When Mother’s Day Is Hard
I’ve babysat in my youth and am the aunt who bakes. I’ve been called “piccola mamma” (little mother) by my papà when I took on the role my mentally ill mamma couldn’t. As a Court Appointed Special Advocate (CASA) for kids in foster care and as a team leader in the workplace, my mothering and caregiver skills have come naturally. But I’ve never given birth. So I’m not a mom. I understand when mother’s day is hard for those of us without children. And recently, I also am appreciating when mother’s day is hard for women who are mothers.
Having a mom who can’t always be the mom you wish her to be hurts. When I was growing up, my mom, diagnosed with paranoid schizophrenia, spent the majority of her time battling her own demons. My mom wasn’t able to care for her children in the way she wanted to. And I hated her for it.
I know I’m not alone. Mother-daughter relationships can be tricky. Love, hate and everything in between are part of the package, even in the best of scenarios.
Mental illness robbed me of having a fully present, loving mother. Mental illness made me scared of my mom, so I kept her at arms-length. And mental illness in my family’s DNA played a major role in my choosing not to have children, fearful that they, too, would inherit our insanity genes, and that I wouldn’t be able to be the mother I would have wanted to a child with a mental illness.
So it’s no wonder that Mother’s Day is hard for me. And when Mother’s Day is hard — for whatever may be your reasons — here are three things I’ve found help make it a little easier:
1. Give Yourself Permission to Feel
In my new book COMMITTED: A Memoir of Madness in the Family, I share my own thoughts and feelings, including those that paint me in a most unfavorable light. But I’ve learned that it isn’t the thought or feeling that’s wrong; rather, it’s resisting it, hiding it, and shaming it that has the power to poison us and others. Author D.H. Lawrence is quoted as saying, “This is the very worst wickedness, that we refuse to acknowledge the passionate evil that is in us. This makes us secret and rotten.” Every one of us is human. With that comes every spectrum of emotions and feelings and thoughts. Giving yourself permission to feel whatever it is you’re feeling is not only healthy, but also allows for all that you’re keeping bottled up inside to be released and not fester.
Part of why my Mamma, my younger sister, and I all suffered with our mental health is largely due to our staying silent. Silence suffocates. And it makes us resentful of the person(s) we’re with or the place(s) and circumstances we find ourselves in. Whether we’re the child of a mom who’s toxic and wishes she’d disappear or the mom who’s tired and secretly resents her kids, it’s okay. Feel the feelings. Acknowledging them is the first step to taking care of yourself, and, ironically, being better able to deal with others.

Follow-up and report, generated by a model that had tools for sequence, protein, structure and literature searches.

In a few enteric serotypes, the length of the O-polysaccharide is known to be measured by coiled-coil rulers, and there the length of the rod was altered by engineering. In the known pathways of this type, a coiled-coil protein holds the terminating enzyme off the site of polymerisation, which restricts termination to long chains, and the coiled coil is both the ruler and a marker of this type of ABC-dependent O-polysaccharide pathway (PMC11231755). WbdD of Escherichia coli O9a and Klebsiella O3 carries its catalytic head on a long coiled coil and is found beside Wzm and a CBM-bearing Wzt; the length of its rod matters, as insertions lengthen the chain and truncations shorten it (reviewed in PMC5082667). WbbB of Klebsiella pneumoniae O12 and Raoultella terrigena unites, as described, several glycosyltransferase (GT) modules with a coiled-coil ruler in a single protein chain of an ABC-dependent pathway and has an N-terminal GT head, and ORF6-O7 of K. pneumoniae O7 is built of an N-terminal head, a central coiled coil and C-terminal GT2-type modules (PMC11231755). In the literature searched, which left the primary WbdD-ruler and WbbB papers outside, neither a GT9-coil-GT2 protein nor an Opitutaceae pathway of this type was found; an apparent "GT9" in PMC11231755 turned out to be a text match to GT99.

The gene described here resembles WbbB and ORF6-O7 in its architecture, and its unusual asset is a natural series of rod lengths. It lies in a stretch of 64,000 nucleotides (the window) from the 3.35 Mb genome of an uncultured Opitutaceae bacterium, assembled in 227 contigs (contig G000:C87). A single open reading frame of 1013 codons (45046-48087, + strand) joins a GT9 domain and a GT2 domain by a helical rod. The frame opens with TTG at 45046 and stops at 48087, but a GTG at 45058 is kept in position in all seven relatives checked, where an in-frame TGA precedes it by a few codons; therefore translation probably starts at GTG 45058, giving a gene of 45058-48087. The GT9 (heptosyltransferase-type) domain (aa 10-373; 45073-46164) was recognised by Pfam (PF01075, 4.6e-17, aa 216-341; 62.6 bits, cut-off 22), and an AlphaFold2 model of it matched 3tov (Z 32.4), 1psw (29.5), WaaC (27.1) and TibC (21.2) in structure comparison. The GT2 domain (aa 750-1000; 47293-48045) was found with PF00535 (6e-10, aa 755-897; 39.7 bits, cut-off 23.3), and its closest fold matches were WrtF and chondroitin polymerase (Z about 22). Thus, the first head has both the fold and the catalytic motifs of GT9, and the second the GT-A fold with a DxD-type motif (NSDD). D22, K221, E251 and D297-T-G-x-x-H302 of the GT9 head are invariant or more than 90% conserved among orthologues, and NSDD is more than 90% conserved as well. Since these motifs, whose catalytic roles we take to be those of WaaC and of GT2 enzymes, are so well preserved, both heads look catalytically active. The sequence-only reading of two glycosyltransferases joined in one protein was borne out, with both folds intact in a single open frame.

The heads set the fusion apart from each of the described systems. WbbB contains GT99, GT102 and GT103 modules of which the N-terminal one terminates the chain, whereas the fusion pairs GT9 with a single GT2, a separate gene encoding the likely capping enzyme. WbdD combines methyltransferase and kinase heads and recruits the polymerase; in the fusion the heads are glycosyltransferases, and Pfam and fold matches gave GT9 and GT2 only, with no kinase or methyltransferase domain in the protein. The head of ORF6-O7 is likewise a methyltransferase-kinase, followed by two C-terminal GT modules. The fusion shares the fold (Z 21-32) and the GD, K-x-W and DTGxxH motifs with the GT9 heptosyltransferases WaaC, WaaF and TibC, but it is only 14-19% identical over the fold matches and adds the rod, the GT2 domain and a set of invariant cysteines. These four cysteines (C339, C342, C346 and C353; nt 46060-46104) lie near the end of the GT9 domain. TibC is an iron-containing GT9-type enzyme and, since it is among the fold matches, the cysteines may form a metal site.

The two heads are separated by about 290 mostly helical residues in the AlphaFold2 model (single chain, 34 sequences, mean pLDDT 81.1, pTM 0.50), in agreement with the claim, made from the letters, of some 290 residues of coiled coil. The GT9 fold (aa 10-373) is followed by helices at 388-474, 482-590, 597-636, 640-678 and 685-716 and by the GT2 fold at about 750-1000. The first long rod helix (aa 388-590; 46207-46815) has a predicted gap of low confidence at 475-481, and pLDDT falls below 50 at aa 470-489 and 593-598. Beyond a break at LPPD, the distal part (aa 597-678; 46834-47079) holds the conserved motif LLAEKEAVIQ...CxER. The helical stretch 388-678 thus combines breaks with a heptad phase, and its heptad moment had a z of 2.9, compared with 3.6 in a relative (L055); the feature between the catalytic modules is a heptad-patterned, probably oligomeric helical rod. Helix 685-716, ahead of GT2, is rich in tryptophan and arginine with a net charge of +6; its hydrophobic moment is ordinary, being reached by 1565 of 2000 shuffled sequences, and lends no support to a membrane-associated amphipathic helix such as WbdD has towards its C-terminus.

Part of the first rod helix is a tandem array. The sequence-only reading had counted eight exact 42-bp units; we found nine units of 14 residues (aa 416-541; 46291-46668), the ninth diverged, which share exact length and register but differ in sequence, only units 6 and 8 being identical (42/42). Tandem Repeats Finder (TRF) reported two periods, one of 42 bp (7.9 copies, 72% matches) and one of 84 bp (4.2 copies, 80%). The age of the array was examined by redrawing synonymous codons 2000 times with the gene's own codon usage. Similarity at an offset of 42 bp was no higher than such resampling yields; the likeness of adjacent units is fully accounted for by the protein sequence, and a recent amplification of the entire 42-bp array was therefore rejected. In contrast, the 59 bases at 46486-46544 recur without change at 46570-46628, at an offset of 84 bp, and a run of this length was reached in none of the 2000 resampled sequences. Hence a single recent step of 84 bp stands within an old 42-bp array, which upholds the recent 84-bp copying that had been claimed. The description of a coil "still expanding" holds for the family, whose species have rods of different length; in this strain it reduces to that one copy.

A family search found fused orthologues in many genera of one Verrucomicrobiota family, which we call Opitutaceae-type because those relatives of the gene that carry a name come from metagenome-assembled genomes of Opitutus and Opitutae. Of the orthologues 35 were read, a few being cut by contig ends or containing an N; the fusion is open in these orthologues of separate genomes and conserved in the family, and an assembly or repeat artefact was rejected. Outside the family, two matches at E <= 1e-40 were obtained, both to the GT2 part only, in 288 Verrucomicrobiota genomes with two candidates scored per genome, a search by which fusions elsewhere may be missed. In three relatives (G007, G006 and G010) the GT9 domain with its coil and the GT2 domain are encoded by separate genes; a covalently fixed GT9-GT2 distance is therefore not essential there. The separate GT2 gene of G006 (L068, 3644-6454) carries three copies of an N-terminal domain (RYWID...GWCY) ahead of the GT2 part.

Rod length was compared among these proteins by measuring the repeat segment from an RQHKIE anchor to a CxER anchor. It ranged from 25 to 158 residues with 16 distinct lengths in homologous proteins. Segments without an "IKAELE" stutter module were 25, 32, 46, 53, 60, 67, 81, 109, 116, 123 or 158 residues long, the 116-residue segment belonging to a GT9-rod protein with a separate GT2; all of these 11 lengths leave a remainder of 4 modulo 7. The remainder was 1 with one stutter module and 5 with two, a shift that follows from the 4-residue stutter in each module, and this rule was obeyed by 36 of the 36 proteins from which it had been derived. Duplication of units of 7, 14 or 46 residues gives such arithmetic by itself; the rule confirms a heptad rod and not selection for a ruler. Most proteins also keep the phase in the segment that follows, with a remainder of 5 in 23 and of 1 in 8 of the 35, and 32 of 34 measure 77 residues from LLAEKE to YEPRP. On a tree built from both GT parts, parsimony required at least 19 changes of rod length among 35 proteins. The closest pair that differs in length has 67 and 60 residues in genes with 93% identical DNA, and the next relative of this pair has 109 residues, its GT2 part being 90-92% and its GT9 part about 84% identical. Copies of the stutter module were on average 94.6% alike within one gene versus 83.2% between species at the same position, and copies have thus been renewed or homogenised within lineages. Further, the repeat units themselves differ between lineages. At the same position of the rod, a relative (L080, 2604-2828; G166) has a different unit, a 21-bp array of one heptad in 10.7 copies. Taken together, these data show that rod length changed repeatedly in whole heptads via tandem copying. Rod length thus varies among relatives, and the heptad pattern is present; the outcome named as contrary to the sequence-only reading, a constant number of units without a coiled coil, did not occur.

2. Give Your Mom A Break
No, I’m not suggesting that you excuse bad behavior. What I am recommending is a shift in perspective. When Mother’s Day is hard for me because my memories include my mamma’s schizophrenic delusions that caused her to unleash her rage, I consider what she must have been going through. She once told me that she used to take me and my three siblings out for walks because she was trying to run away from the voices that were telling her to kill her children. As a child, I didn’t know that. As an adult who does, my heart breaks for her. How frightening it must have been for her. And how strong and courageous she was to fight against what she could not control, protecting us from harm.
No one is perfect. And while my mamma’s mental illness may be an extreme, others’ madness is equally deserving of empathy. We put moms in a category with high expectations. I know I have. As Anne Lamott says in her annual Mother’s Day post, “The illusion is that mothers are automatically more fulfilled and complete.” We forget that moms are human. Letting them off the hook, and letting ourselves sit in their seats, even for a little while, helps us to realize that we aren’t responsible for whatever may be happening. And that, in turn, lets us breathe a little easier.
3. Give A Gift to Yourself for Mothering
When Mother’s Day is hard, become aware of why. Is it because of your relationship with your mom? Or because you’ve lost your mom? Maybe you never knew your mom? Is Mother’s Day hard because you aren’t a mom and wish you were? Or because you aren’t a mom and don’t feel as if you should apologize or explain why? Maybe Mother’s Day is hard for you because you are a mom, and it wasn’t by choice. Or you are a mom who’s not made the best of choices? Or you happen to be the mom of a child who is struggling and you feel powerless and so guilty for wishing they weren’t your kid. Whatever your why is, call it out.
Now stop focusing on the word “mother”; rather, consider “mothering” and its meaning: “relating to or characteristic of a mother, especially in being caring, protective, and kind”… Who in your life, regardless of gender, has shown you “mothering”? To whom have you exhibited “mothering”? How about you practice a little “mothering” to yourself this year?
When Mother’s Day is hard it’s because we believe we have to acknowledge it and suffer through it based on Hallmark definitions imposed on us. But you have the power to determine what you believe it to be for YOU. Choose to celebrate Mother’s Day without considering its biological aspects. Shift your script so that it’s a day about caring, protecting, and showing kindness. These are moments of grace that we’ve all experienced. So give yourself (and others in your life) a gift for mothering. You’ll be surprised at how much easier Mother’s Day will be.
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